“Yesterday, after I had that 63, a lot of the younger girls came up and said, `Oh, great playing today,”’ Davies said. “It was nice, I suppose, to have that. I still am a decent player, and I actually used to be really good at it. Maybe that did give them a glimpse into what it used to be like.”

    She also relished showing certain fans something.

    “Now, people might stop asking me when I'm going to retire,” she said.

    Davies was the LPGA’s Rolex Player of the Year in 1996, when she won two of her four major championships. She was emboldened by the way she stood up to Sunday pressure again.

    In the end, though, there was no catching Park, who continues to amaze with her ability to win coming back from long breaks after injuries.

    Park, 29, comes back yet again looking like the player who reigned at world No. 1 for 92 weeks, won three consecutive major championships in 2013 and won the Olympic gold medal two years ago.

    “The reason that I am competing and playing is because I want to win and because I want to contend in golf tournaments,” Park said.

    After Davies and Marina Alex mounted runs to move within one shot, Park pulled away, closing ferociously. She made four birdies in a row starting at the 12th and won by five shots. Her famed putting stroke heated up, reminding today’s players how nobody can demoralize a field more with a flat stick.

    “I just felt like nothing has dropped on the front nine,” Park said. “I was just thinking to myself, `They have to drop at some point.’ And they just started dropping, dropping, dropping.”

    Yet again, Park showed her ability to win after long breaks.

    In Rio de Janeiro two years ago, Park the Olympic gold medal in her first start back after missing two months because of a ligament injury in her left thumb. She took eight months off after Rio and came back to win the HSBC Women’s World Championship last year, in just her second start upon returning.

    “I'm really happy to have a win early in the season,” Park said. “That just takes so much pressure off me.”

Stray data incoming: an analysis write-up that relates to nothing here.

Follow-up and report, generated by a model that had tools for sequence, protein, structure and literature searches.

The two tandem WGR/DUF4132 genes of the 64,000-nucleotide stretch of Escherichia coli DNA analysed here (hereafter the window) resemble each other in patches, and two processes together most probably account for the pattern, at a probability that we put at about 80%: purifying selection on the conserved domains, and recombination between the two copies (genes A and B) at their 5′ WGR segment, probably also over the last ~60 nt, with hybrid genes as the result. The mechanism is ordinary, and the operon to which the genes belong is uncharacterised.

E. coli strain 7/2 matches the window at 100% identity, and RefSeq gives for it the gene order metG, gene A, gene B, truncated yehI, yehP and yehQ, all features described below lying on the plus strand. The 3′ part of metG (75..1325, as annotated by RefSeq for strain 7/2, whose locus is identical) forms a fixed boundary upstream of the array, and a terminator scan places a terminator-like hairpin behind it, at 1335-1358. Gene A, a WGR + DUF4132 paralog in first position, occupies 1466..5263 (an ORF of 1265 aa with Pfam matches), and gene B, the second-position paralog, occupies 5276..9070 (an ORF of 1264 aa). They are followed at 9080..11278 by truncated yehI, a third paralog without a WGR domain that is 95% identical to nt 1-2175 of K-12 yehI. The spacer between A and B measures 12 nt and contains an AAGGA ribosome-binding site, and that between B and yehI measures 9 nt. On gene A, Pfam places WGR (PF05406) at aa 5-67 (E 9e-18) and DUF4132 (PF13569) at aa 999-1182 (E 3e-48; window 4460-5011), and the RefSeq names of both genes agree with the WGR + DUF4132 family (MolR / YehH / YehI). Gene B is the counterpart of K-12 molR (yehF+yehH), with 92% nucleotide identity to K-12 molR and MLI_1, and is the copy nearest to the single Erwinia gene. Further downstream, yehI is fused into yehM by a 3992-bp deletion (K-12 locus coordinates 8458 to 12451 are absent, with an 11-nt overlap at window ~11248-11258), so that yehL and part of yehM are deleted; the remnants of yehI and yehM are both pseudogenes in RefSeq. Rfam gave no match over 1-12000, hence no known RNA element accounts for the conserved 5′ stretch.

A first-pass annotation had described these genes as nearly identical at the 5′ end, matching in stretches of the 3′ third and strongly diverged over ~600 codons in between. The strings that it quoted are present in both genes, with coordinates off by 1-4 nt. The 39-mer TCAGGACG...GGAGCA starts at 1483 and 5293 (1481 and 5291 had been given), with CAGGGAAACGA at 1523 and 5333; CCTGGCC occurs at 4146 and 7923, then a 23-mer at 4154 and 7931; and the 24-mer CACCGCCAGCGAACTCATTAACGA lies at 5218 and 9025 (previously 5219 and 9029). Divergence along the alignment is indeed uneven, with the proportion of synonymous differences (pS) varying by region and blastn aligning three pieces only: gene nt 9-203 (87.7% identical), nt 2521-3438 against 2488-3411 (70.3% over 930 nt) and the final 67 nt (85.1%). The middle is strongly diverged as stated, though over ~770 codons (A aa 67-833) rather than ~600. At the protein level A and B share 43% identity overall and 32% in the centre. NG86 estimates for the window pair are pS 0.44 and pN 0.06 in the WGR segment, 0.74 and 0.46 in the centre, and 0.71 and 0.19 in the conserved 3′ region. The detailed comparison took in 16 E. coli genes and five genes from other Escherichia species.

And puts it on the rest of the tour if she takes her best form to the year’s first major at the ANA Inspiration in two weeks.



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    Rose: 'Never' has Rory putted as well as Bay Hill

    By Ryan LavnerMarch 19, 2018, 1:20 am

    ORLANDO, Fla. – Justin Rose didn’t need to ponder the question for very long.

    The last time Rory McIlroy putted that well was, well …?

    “Never,” Rose said with a chuckle. “Ryder Cup? He always makes it look easy when he’s playing well.”

    And the Englishman did well just to try and keep pace.

    After playing his first six holes in 4 over par, Rose battled not just to make the cut but to contend. He closed with consecutive rounds of 67, finishing in solo third, four shots back of McIlroy at the Arnold Palmer Invitational.

    Full-field scores from the Arnold Palmer Invitational

    Arnold Palmer Invitational: Articles, photos and videos

    Rose said this weekend was the best he’s struck the ball all year. He just didn’t do enough to overtake McIlroy, who finished the week ranked first in strokes gained-putting and closed with a bogey-free 64.

    “Rory just played incredible golf, and it’s great to see world-class players do that,” Rose said. “It’s not great to see him make putts because he was making them against me, but when he is, he’s incredibly hard to beat. So it was fun to watch him play.”